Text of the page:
Ellen Agler
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These are worms. Not the kind of worms you find crawling in the dirt. These are parasitic roundworms. They live inside a human being's intestines. Each of these worms can grow up to 12 inches long, and there are 200 of them in this jar for a reason, because that is the number you might typically find in the belly of a single infected child.

Worm infections have been around for thousands of years. They have influenced the outcomes of wars, and they have long stymied human health. Roundworm, hookworm, whipworm, schistosomiasis: infections from these species cause pain and discomfort. They steal nutrients and zap energy. They stunt both physical and cognitive growth.

In most cases, these worms may not be fatal, but paradoxically, that's part of the problem. It means that many countries simply have not been able to prioritize their treatment. There's a social cost to that: children without access to deworming treatments have lower rates of school attendance. Adults who grow up without deworming medicine are less productive and have lower lifelong earnings. What intestinal worms do, really, is limit potential.

Currently, there are 1.7 billion people in the world still at risk for worms. Six hundred million of them are in Africa. For every dollar invested in worm control and prevention, African countries see up to 42 dollars return in economic benefits.

The good news is that deworming treatment is extremely easy. One to three pills given once or twice a year is enough to take a child from 200 worms to zero and to protect them from infection going forward. In communities where there's a high prevalence of worms, treatment can be done right at school. This process is extremely simple and fast. In Ethiopia, for example, this is done for 20 million children in a matter of weeks.

The world has come a long way on getting deworming medicines to the people who need them, and African governments want to gain more traction. It's now time to match their ambition.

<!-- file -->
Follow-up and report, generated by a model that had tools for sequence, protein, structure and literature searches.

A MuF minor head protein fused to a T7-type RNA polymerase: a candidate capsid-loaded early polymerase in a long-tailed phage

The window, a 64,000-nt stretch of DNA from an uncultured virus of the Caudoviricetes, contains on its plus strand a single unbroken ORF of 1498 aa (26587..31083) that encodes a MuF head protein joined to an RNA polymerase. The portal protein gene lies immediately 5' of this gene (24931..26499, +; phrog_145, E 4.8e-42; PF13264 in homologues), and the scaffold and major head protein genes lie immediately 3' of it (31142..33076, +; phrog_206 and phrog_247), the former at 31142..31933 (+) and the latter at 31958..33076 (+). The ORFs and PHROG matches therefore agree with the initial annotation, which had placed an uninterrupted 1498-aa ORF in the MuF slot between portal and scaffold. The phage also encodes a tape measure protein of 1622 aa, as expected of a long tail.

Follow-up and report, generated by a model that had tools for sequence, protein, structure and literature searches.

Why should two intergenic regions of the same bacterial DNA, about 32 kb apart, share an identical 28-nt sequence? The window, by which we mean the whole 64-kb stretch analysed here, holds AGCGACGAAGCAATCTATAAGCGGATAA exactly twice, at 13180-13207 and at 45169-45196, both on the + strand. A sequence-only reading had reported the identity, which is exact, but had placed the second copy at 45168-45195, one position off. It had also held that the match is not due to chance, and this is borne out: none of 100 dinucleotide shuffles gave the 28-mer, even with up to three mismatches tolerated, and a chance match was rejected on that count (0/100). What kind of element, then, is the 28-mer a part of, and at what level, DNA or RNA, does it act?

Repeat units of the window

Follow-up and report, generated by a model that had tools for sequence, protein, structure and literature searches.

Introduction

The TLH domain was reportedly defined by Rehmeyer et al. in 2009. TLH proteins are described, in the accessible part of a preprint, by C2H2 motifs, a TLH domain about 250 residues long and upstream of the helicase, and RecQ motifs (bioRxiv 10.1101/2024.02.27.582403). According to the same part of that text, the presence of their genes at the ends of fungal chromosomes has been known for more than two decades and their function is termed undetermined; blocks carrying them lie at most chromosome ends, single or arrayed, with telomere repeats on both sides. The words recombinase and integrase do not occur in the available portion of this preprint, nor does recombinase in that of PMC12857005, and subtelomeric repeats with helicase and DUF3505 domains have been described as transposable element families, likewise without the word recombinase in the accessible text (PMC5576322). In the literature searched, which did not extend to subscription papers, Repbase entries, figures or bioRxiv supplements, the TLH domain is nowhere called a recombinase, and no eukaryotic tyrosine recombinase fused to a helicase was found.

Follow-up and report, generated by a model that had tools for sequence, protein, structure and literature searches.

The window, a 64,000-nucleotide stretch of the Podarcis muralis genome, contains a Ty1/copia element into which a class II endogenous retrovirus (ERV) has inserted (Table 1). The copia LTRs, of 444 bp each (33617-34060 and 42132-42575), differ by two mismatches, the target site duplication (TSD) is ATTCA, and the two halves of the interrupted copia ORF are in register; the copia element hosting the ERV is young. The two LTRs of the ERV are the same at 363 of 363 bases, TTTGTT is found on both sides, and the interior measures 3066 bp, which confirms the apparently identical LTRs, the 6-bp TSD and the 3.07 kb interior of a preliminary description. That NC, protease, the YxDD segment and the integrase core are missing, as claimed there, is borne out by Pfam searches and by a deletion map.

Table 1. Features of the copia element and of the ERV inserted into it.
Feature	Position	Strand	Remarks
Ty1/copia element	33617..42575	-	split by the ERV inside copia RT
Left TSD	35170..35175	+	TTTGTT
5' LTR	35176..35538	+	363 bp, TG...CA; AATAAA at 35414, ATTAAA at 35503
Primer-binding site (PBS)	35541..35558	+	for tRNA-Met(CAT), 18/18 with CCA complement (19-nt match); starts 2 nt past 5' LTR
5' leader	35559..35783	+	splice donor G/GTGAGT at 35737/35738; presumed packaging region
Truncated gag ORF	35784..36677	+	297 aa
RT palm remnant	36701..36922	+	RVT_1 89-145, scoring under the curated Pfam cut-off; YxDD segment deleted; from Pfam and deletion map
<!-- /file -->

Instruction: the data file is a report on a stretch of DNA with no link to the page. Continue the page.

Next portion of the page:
The END Fund will work with governments to create a plan that drastically reduces the burden of disease caused by worms. They’ll work together to ensure prevention and treatment programs can serve everyone. The END Fund has an audacious idea: they believe we are the generation to end sickness from worm infections forever. The key is not simply to build new programs from scratch, but to amplify the efforts of the programs that are already taking shape. By examining the problem of how worms transmit disease, the END Fund has identified five key areas where they can drive improvement.

Number one: lower the cost of treatment. Many pharmaceutical companies offer deworming medicines for free, so the END Fund works with the right partners to coordinate their delivery. They will continue to secure drug donations for additional at-risk populations. They can now do it for less than 25 cents per child per year.

Number two: focus on prevention. The END Fund calls in the right partners to educate communities on sanitation and hygiene in order to change behaviors around things like hand-washing and latrine use, ensuring people are not continually reinfected.

Number three: invest in innovation. The END Fund has contributed to deworming by introducing innovative techniques that effectively target and treat people. They will test new delivery methods, target the environments where parasites thrive and influence behavior change.

Number four: monitor and evaluate. The END Fund collects detailed data on all programs on a regular basis to help them get better and better over time.

Number five: increase local ownership. At all stages of the process, the END Fund works with government and local stakeholders to encourage cofinancing commitments that support deworming efforts. They also worked with African philanthropists and corporate leaders to partner on these efforts.

There's an incredible opportunity to work together to create a new system for disease elimination for the next decade and beyond. Part of the money the END Fund needs will go directly toward delivering deworming treatments to communities that need it and part will go towards facilitating the handover of programs to local ownership. Together, these efforts will create prevention and treatment programs that are sustainable far into the future. If this plan gets fully funded for the next six years, tens of millions of people will receive deworming treatment. With that, countries will be interrupting the cycle of disease transmission at all levels, and most importantly, people will experience significant improvements in their mental, physical and social health.

Just imagine the potential that will be gained when people can stop worrying about these and can put their energy into things like these. (Students' overlapping voices)

(Clapping and singing)